In 2009 and early 2010 Direct-MS strongly supported ($125,000) clinical research at the University of Buffalo to determine if CCSVI was associated with MS or not. It is now clear that CCSVI is indeed highly associated with MS and is very likely a major contributor to the MS disease process.
Given the above, for the next two years (2010 -2012), Direct-MS will be focusing our research effort on funding a proper clinical trial which will test the effectiveness of venous angioplasty (CCSVI treatment) for relieving MS symptoms and for slowing/halting MS progression. This shift in research emphasis is due to the great promise CCSVI treatment holds for persons with MS and the reluctance of the MS Society of Canada and NMSS to support such clinical research at this time.
Such a trial is essential to establish the value of CCSVI treatment for MS. This in turn will allow CCSVI treatment to become available throughout Canada as part of the Canadian Health Care system and will make it much easier for US citizens to attain the necessary treatment through their insurance plans.
Once sufficient funds have been raised, Direct-MS will solicit research proposals related to clinical research on the effectiveness of CCSVI treatment for MS. The Direct-MS board, in conjunction with CCSVI experts, will evaluate all proposals to ensure any proposed research is scientifically valid. Acceptance or rejection of a proposal will be decided within a few months of receipt.
Direct-MS recently funded CCSVI and MS association research at the University of Buffalo and this was very successful. There is now no doubt that CCSVI is associated with MS and publications on this work will appear in scientific journals in 2011. Some of the U of Buffalo results are detailed in the Direct-MS webcast
Direct-MS has contributed $150,000 to the University of Buffalo PREMISE clinical trial which is testing the effectiveness of CCSVI treatment for MS. This trial just began in mid-2010 and some preliminary results will be available in 2011.
Direct-MS is funding a clinical trial into the effectiveness of the Terry Wahls nutritional regime and electrical stimulation for advanced MS. The work is being led by Dr Wahls at the University of Iowa. The trial began in the fall of 2010 and results should be available by 2012. A summary of this research can be found on the Direct-MS Facebook page
Direct-MS is also funding a study on the role on Vitamin D and Inflammatory Markers in Multiple Sclerosis. This work is being led by Dr Reinhold Vieth at University of Toronto and Mt Sinai Hospital.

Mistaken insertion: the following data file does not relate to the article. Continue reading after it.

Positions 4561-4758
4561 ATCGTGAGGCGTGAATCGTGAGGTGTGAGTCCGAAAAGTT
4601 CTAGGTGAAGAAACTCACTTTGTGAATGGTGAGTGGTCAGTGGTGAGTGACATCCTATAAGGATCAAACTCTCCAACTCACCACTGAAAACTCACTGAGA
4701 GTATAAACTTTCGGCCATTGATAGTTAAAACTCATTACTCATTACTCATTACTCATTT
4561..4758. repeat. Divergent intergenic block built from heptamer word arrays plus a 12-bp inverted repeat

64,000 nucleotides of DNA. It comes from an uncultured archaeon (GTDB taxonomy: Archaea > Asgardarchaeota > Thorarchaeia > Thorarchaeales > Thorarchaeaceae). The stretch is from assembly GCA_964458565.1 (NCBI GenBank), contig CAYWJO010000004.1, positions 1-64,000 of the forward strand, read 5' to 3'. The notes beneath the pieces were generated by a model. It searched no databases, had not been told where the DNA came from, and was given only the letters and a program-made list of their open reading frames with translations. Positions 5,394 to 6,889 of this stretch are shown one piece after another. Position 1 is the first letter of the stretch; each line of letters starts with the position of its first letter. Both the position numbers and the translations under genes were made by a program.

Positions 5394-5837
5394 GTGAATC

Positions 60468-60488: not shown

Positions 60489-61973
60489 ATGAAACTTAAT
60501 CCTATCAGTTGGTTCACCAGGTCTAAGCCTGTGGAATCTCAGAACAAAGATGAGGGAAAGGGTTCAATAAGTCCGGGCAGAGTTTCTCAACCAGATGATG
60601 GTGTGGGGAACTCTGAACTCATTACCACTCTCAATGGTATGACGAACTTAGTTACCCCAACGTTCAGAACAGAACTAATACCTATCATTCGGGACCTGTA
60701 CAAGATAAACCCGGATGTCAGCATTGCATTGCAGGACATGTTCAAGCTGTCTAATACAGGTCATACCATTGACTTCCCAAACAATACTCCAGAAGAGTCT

Direct-MS has funded two major clinical trials over the past five years. These are;
Read more about the results of these trials here.
The abstract of the paper on the vitamin D trial which was recently published in Neurology (June 2010) is below.
Objective: Low vitamin D status has been associated with multiple sclerosis (MS) prevalence and risk, but the therapeutic potential of vitamin D in established MS has not been explored. Our aim was to assess the tolerability of high-dose oral vitamin D and its impact on biochemical, immunologic, and clinical outcomes in patients with MS prospectively.
Methods: An open-label randomized prospective controlled 52-week trial matched patients with MS for demographic and disease characteristics, with randomization to treatment or control groups. Treatment patients received escalating vitamin D doses up to 40,000 IU/day over 28 weeks to raise serum 25-hydroxyvitamin D [25(OH)D] rapidly and assess tolerability, followed by 10,000 IU/day (12 weeks), and further downtitrated to 0 IU/day. Calcium (1,200 mg/day) was given throughout the trial. Primary endpoints were mean change in serum calcium at each vitamin D dose and a comparison of serum calcium between groups. Secondary endpoints included 25(OH)D and other biochemical measures, immunologic biomarkers, relapse events, and Expanded Disability Status Scale (EDSS) score.
Results: Forty-nine patients (25 treatment, 24 control) were enrolled [mean age 40.5 years, EDSS 1.34, and 25(OH)D 78 nmol/L]. All calcium-related measures within and between groups were normal. Despite a mean peak 25(OH)D of 413nmol/L, no significant adverse events occurred. Although there may have been confounding variables in clinical outcomes, treatment group patients appeared to have fewer relapse events and a persistent reduction in T-cell proliferation compared to controls.
Conclusions: High-dose vitamin D (>10,000 IU/day) in multiple sclerosis is safe, with evidence of immunomodulatory effects.